Ahmed’s film focuses on a young man’s feelings of loneliness and human connection as he begins college.
“My story is about a freshman at NYU who is in search of a place he can identify as home. The film starts with him praying by himself at home concluding with him enjoying his time after the Friday prayer at the Islamic Center at NYU and having a warm discussion with others. I shared so many great moments with my filming partner Riyaz and I especially enjoyed filming with Hany. He is a very humble, skilled, sociable person and I try to maintain connection with him even after the project has ended. I really appreciate all these special moments we shared because that Muslim Youth Voices Project 7-day intensive was definitely a highlight of my summer. I really appreciate CAAM for affording my peers and I such an opportunity.”
Sidikha from New York creates a storyboard for her short film about an 11 year-old activist who wants to save the world.
“It went from being a ‘dramedy’ to just comedy. [When asked] why do I want to make this movie, I said, ‘to make people smile’, and apparently my face lit up so we decided to follow that direct path. My film was inspired by my friend Farzana, who I credit in the end of the short. She wants to go into human rights, but her close ones fear that if she goes into such work, she will get hurt. This is really an experience I’m grateful for not only because I want to go into film, but because it really exposed me to a broader view of the world. There are a lot of views and perceptions I don’t get to understand as often, but through the diverse setting and the storytelling outlets provided, I feel a bit smarter and a bit kinder as well.”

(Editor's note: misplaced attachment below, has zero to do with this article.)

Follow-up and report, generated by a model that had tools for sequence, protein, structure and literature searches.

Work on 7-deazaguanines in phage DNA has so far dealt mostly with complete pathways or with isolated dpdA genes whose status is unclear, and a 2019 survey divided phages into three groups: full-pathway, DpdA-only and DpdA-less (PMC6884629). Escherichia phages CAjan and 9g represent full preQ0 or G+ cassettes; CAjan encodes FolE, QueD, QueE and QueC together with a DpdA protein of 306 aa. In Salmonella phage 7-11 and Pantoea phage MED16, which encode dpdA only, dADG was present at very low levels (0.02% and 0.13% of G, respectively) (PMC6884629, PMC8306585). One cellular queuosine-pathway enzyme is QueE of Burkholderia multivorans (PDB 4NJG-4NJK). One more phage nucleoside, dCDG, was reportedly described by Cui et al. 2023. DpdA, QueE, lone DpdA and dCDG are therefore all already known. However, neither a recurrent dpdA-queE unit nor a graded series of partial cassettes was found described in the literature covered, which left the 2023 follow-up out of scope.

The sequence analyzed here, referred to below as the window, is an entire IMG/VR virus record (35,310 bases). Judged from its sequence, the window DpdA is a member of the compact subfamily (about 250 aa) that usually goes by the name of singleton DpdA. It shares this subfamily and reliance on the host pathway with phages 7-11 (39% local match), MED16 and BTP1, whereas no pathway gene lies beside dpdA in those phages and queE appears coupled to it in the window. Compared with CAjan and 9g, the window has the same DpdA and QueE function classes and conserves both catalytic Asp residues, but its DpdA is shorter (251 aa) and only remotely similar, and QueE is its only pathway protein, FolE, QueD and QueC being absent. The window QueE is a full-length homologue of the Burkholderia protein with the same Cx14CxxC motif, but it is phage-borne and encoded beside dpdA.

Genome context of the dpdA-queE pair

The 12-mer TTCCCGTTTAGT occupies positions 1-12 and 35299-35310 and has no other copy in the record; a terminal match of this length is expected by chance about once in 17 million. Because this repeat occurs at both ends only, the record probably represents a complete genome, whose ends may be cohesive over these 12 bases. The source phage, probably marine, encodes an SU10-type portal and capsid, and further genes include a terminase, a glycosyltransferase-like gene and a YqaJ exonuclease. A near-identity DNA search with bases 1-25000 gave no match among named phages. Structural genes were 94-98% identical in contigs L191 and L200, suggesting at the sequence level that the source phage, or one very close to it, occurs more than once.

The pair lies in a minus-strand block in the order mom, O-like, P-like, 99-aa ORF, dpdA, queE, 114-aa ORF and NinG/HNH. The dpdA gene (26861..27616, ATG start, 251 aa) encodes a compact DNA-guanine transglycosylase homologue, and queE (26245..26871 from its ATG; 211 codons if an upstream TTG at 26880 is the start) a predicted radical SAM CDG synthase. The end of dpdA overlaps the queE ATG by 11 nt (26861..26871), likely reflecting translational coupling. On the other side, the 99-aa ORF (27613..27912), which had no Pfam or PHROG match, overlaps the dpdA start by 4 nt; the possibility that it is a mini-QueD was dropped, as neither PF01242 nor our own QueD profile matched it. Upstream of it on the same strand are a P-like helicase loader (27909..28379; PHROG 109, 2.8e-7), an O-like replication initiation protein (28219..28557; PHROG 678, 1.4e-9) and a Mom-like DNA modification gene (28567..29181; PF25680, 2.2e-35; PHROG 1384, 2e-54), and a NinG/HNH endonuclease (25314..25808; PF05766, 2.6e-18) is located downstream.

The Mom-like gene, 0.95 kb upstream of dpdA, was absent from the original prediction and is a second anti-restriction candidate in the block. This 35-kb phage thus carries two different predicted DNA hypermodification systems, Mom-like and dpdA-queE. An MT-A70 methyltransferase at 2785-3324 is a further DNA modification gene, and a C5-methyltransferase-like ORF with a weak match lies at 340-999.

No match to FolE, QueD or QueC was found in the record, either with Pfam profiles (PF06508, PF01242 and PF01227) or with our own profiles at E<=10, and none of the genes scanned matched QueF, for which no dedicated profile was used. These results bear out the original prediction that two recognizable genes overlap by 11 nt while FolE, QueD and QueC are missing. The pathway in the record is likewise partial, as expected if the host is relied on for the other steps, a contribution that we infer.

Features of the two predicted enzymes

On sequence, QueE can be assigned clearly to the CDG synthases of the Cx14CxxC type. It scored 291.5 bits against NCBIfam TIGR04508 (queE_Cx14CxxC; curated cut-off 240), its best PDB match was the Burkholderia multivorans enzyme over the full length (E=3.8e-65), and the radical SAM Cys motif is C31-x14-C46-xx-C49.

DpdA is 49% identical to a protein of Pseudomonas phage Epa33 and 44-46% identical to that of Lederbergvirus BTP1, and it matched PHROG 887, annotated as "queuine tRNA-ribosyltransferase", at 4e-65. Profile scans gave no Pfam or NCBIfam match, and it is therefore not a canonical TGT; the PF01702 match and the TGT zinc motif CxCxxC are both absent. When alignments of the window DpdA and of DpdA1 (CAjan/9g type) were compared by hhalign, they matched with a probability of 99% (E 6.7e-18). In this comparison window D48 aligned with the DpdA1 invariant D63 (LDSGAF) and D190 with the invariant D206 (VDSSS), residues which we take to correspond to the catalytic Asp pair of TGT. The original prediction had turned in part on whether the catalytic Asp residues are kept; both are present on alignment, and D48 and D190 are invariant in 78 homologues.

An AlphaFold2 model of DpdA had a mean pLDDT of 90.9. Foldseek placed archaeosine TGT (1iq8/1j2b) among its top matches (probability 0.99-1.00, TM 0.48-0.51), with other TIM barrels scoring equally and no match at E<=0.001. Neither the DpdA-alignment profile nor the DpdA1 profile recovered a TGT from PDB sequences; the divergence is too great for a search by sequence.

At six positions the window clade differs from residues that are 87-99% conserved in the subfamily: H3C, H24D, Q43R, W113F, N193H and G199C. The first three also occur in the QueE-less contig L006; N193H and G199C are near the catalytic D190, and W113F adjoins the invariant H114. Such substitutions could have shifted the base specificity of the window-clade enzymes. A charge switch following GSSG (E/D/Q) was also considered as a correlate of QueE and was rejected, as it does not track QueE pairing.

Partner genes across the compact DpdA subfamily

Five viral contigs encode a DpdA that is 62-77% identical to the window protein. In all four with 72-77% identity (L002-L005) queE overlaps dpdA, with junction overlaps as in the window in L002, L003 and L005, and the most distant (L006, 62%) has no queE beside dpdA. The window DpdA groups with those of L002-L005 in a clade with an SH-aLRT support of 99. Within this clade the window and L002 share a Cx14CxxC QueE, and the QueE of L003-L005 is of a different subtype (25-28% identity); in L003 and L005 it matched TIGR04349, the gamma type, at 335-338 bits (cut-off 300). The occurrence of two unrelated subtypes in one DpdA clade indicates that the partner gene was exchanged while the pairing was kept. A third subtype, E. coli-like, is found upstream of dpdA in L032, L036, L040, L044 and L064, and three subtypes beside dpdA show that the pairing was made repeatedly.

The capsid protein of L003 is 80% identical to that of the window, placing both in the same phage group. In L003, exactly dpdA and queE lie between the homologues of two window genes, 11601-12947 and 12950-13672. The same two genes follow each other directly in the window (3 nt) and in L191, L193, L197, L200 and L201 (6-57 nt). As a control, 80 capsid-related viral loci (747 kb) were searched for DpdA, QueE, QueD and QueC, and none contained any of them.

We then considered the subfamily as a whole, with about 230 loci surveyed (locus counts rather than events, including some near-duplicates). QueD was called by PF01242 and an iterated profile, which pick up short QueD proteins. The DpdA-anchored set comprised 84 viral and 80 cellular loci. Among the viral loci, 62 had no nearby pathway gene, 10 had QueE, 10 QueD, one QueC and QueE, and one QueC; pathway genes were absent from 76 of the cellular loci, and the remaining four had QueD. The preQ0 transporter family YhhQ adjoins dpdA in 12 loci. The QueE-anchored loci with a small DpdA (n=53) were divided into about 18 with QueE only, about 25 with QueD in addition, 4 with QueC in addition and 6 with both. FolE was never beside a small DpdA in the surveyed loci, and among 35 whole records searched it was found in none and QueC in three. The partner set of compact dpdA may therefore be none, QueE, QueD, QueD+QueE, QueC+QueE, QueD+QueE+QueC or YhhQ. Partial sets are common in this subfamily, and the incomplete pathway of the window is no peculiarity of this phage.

Brothers Abdullah and Mohammed interviewed their grandfather for a documentary.
Abdullah and Mohammed worked together on a documentary short focused on the internal struggles of learning martial arts. For their film, they interviewed their grandfather, a Vietnam war veteran, to document his wisdom on overcoming adversity and understanding one’s inner strength.
Dalia Khan created a personal narrative based on her own experiences as a Muslimah and a musician.
Her film shows the pressure of balancing life as a daughter, student, and an artist. Dalia explained her personal reflection behind her storytelling: “I was thinking to myself, is it possible to do both? I wanted to make a narrative about things I’ve actually been through.”
Main image: Workshop participants and teachers for Muslim Youth Voices Project come together for a group photo in NY in August 2014. Photo by Ridwan Adhami.
To learn more about MYVP and upcoming workshops, please email firstname.lastname@example.org. To follow Muslim Youth Voice Project on Facebook, “like” our page here! The Muslim Youth Voices Project is made possible by a grant from the Doris Duke Foundation for Islamic Art’s Building Bridges Program.